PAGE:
FERC to consider reliability challenges

Source: Rod Kuckro, E&E News reporter • Posted: Tuesday, July 31, 2018

Federal regulators are set to hear from a roster of electricity industry leaders today on the challenges to maintaining reliable electricity service in the face of resilience concerns, cybersecurity threats, physical disruptions to the grid and increasing amounts of distributed energy resources such as solar.

The all-day technical conference at the headquarters of the Federal Energy Regulatory Commission in Washington is a ritual in response to the annual “State of Reliability” report published by the North American Electric Reliability Corp. (NERC).

NERC develops reliability standards for the nation’s bulk power system, which is made up of generation and high-voltage transmission facilities and their control systems.

The annual conference is a chance for the industry to suggest changes or enhancements in the standards, especially against the experience of lessons learned following major events such as blackouts in 2003, 2008 and 2011.

The conference will feature four panels with 30 witnesses, the first of which will lead off with Jim Robb, the new CEO of NERC. Panelists will include representatives of the Canadian Electricity Association and Mexico’s Energy Regulatory Commission, the Edison Electric Institute, Berkshire Hathaway Energy, the California Independent System Operator, Exelon Corp. and the American Public Power Association.

The most topical panel will look at resilience, a term whose definition defies universal agreement and which has become the underpinning of the Trump administration’s argument that the loss of coal-fired and nuclear plants, with their on-site fuel supplies, threatens national security.

“A bulk power system that provides an adequate level of reliability is a resilient one,” according to prepared remarks from Mark Lauby, NERC’s senior vice president and chief reliability officer.

“Resilience is a performance characteristic of reliability. Therefore, improved reliability is completed through improvements to robustness, reliability degradation management, and system rebound and return” to normal operation after a disruption, he said.

NERC, Lauby said, will “continue to assess whether further activities are appropriate to support a resilient grid.”

Wesley Yeomans, vice president for operations at the New York Independent System Operator, also will testify.

The New York ISO “does not currently face imminent resilience concerns that require immediate action,” he said.

However, the grid operator “fully recognizes that technological developments, economic and environmental consideration, and public policies are transforming the electric grid,” Yeomans said.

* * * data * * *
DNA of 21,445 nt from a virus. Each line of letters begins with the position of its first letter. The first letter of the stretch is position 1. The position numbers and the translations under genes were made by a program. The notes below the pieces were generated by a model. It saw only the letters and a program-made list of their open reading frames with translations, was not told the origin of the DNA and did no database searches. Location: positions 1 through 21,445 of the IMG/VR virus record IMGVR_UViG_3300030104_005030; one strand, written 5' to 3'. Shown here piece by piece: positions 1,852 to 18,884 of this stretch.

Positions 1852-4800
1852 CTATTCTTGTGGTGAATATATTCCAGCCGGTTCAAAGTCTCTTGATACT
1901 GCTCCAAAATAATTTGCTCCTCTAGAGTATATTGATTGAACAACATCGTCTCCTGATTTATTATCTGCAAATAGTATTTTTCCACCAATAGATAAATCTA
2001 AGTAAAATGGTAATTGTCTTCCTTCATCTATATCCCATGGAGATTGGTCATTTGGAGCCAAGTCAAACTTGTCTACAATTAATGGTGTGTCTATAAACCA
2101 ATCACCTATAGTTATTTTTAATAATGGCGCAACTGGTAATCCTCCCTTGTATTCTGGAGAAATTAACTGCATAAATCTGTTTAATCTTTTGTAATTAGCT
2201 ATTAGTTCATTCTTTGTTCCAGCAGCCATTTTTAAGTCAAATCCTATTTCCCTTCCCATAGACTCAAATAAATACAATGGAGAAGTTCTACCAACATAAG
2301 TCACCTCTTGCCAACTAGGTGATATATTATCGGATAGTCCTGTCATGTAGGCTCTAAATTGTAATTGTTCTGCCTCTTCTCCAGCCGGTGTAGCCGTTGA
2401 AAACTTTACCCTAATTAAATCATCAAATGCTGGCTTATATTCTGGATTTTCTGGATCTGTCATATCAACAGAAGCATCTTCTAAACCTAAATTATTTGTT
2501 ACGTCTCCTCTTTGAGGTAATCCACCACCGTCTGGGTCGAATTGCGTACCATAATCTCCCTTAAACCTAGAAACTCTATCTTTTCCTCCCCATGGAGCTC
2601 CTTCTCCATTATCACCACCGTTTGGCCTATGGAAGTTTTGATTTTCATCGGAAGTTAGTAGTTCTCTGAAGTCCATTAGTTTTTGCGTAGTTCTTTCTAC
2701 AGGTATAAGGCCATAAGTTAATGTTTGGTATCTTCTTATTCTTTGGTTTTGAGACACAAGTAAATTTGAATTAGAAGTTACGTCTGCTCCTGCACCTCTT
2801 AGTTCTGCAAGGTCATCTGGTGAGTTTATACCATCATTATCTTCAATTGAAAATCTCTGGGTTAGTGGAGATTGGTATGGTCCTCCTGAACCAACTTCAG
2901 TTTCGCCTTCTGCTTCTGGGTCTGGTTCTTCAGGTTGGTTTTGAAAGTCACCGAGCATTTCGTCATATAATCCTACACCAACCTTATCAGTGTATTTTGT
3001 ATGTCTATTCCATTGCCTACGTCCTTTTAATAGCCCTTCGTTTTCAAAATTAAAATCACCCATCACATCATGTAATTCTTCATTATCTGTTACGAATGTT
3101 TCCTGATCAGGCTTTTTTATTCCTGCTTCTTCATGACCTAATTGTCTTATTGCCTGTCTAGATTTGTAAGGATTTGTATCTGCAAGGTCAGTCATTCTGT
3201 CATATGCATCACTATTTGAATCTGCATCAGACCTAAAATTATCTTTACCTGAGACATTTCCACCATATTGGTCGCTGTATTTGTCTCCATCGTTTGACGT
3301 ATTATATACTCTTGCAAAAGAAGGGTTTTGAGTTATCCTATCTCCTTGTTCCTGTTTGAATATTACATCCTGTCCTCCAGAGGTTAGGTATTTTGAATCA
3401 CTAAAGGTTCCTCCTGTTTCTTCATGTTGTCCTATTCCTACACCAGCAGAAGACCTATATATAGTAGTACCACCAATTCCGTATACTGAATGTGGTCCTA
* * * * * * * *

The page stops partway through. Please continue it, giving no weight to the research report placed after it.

Therefore, “the NYISO takes no position, at this time, regarding whether incremental resilience-specific standards should be developed and implemented,” he said.

Peter Brandien, vice president of system operations for ISO New England, will say that “the most pressing challenges to the resilience of the power system do not relate to transmission, but to the possibility that the region’s generating fleet will not have, or be able to maintain the fuel they need to produce the power to meet system demand and maintain required reserves.”

Brandien believes it would be helpful “to have NERC and industry standardization or guidance on the meaning of fuel security and for conducting fuel-security analysis.”

The reliability report issued in June said U.S. power grid companies should expect dangerous cybersecurity intrusions to keep increasing, with adversaries seeking to break through defenses by infecting utilities’ trusted suppliers (Energywire, June 22).

That conclusion undoubtedly will be explored at an afternoon panel on the evolving cybersecurity threat that will feature Patricia Hoffman, deputy assistant secretary at the Department of Energy, as well as officials from NERC’s Electricity Information Sharing and Analysis Center, the Department of Homeland Security, FBI and Microsoft.

The fourth panel will explore challenges to managing the “new grid” brought about by changes in the mix of electric generation resources and power plant retirements.

Roy Jones, CEO of ElectriCities of North Carolina, will appear on behalf of the Large Public Power Council — the 26 largest state and municipal utilities.

In his testimony, Jones says that instead of developing new reliability standards, “LPPC members agree that FERC and NERC are better advised to focus on securing the necessary reliability attributes of generation than they are to focus on fuel type (e.g., coal, gas, nuclear, hydro, wind or solar).”

The event will be webcast.